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Archive for May, 2012

The Chief Way to Attain Wisdom

The chief means for attaining wisdom, and suitable gifts for the ministry, are the holy Scriptures, and prayer. The one is the fountain of living water, the other the bucket with which we are to draw. And I believe you will find, by observation, that the man who is most frequent and fervent in prayer, and most devoted to the word of God, will shine and flourish above his fellows. Next to these, and derived from them, is meditation. By this, I do not mean a stated exercise upon some one particular subject, so much as a disposition of mind to observe carefully what passes within us and around us, what we see, hear, and feel, and to apply all for the illustration and confirmation of the written word to us. In the use of these means, and an humble dependence upon the Lord in all the changing dispensations we pass through our spiritual experience will enlarge: and this experience is the proper fund of our ministerial capacity, so far as it may be considered inherent in us: Pro_16:23; Mat_13:52; 1Jo_66 1:3.

These means are of universal importance. The wisest can do nothing without them, the weakest shall not use them in vain. There are likewise subordinate means, which may be healthful, and should in general be attended to: yet they ought not, I apprehend, to be considered as a sine qua non in a minister’s call and fitness. The first preachers had them not, and some in the present day are enabled to do well without them. Under this head, I principally intend all that comes under the usual denomination of literature. A competent acquaintance with the learned languages, history, natural philosophy, &c. is very desirable. If these things are held in a proper subservience, if they do not engross too much of our time, nor add fuel to the fire of that self-importance which is our great snare; they may contribute to increase and enlarge our ideas, and facilitate our expressing ourselves with propriety. But these attainments (like riches) are attended with their peculiar temptations; and unless they are under the regulation of a sound judgment, and a spiritual frame of mind, will prove (like Saul’s armor to David) rather cumbersome than useful in preaching. The sermons of preachers thus qualified are often more ingenious than edifying, and rather set off the man, than commend the Gospel of Christ.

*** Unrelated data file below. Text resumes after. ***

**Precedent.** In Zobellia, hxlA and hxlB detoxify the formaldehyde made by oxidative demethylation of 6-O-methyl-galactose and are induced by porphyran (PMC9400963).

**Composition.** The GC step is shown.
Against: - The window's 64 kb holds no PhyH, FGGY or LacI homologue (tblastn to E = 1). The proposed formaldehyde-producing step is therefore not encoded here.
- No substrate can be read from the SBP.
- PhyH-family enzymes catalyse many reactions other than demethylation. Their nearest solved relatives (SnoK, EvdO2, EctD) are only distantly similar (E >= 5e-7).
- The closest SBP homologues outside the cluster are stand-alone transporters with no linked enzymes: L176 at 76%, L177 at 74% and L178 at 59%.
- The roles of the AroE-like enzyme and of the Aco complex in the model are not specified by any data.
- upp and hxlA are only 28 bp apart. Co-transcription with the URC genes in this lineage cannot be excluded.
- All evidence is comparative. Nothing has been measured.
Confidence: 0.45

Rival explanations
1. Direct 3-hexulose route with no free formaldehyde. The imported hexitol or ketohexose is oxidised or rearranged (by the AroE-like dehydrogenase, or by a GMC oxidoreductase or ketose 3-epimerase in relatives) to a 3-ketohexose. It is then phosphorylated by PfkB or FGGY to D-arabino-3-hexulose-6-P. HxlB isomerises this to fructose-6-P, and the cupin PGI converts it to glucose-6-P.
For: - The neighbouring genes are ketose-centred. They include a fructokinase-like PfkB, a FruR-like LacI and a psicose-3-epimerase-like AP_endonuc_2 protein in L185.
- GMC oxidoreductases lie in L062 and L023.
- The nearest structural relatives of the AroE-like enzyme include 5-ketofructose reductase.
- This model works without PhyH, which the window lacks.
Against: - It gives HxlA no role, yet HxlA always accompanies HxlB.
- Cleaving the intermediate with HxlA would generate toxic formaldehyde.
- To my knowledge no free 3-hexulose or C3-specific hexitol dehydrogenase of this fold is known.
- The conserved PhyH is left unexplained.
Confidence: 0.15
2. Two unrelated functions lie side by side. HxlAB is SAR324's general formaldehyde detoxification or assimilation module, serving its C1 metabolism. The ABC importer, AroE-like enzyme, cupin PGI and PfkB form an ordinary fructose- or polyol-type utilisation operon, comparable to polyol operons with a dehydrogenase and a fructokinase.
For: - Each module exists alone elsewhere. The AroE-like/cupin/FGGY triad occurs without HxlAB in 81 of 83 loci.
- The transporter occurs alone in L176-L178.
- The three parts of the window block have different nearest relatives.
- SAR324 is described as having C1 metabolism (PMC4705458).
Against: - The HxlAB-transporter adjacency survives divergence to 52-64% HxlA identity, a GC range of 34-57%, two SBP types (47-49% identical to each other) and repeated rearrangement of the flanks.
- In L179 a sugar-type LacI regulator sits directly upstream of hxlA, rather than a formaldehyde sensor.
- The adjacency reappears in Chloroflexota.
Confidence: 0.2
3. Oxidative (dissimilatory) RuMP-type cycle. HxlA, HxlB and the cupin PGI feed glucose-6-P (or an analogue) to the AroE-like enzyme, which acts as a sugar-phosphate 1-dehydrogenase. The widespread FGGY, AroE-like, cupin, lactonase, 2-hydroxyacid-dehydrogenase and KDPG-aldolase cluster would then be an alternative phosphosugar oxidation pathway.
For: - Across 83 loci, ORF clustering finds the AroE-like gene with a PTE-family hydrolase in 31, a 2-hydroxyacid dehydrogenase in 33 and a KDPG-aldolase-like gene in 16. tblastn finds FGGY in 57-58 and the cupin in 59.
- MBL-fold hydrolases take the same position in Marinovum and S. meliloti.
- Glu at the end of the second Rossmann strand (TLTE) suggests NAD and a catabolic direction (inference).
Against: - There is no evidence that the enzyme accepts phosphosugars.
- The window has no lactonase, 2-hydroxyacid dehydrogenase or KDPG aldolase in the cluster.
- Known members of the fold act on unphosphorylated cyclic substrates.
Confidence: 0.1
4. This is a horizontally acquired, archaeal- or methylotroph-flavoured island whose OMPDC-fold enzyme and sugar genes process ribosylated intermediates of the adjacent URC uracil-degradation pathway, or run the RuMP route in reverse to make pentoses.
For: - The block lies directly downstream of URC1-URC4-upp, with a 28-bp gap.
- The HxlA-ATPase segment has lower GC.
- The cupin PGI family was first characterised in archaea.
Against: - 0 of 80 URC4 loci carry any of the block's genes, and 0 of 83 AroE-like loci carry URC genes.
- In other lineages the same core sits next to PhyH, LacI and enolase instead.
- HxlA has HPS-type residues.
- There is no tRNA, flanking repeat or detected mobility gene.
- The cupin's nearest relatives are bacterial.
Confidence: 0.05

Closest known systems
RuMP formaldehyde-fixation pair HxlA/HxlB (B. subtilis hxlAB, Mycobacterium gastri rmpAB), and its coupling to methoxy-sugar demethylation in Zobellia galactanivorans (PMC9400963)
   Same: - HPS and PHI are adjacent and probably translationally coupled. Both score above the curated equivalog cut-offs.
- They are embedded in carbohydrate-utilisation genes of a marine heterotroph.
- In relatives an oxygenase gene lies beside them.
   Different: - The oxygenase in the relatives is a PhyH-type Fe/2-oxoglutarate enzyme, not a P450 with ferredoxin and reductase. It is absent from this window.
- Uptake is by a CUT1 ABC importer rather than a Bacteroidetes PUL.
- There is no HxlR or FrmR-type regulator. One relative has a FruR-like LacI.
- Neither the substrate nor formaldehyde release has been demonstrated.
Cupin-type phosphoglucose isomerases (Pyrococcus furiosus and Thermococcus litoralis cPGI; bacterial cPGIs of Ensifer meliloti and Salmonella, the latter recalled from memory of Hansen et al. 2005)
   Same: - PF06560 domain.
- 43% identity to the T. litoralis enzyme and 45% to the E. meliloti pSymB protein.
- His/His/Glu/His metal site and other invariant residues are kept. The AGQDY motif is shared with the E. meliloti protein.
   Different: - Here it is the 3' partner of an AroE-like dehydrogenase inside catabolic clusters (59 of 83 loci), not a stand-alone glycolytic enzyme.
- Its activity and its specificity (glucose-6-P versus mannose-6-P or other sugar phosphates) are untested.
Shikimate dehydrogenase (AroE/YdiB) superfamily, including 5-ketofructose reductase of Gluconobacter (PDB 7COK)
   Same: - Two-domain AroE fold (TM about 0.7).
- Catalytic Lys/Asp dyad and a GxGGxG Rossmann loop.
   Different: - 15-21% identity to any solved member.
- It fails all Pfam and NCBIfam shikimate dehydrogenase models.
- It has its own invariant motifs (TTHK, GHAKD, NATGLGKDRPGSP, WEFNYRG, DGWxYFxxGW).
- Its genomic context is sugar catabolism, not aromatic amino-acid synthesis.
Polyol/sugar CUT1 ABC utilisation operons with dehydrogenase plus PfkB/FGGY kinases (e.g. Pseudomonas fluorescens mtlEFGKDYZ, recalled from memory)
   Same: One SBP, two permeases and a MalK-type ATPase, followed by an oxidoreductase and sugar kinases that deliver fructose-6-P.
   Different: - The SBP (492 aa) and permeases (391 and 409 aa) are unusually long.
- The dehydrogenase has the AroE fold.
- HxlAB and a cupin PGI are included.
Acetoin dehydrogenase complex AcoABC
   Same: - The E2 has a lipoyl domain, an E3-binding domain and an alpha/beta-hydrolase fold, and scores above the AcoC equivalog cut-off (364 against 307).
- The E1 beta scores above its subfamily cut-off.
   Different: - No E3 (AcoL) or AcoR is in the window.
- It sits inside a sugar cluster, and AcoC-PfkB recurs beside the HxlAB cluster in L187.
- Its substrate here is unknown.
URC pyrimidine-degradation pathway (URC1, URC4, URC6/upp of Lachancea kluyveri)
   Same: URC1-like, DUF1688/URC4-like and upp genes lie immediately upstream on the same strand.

As you desire my advice with respect to your future studies, I shall comply without hesitation or ceremony. The original Scriptures well deserve your pains, and will richly repay them. There is doubtless a beauty, fulness, and spirit, in the originals, which the best translations do not always express. When a word or phrase admits of various senses, the translators can only preserve one; and it is not to be supposed, unless they were perfectly under the influence of the same infallible Spirit, that they should always prefer the best. Only be upon your guard lest you should be tempted to think, that, because you are master of the grammatical construction, and can tell the several acceptation’s of the words in the best authors, you are therefore and thereby master of the spiritual sense likewise. This you must derive from your experimental knowledge, and the influence and teaching of the Spirit of God.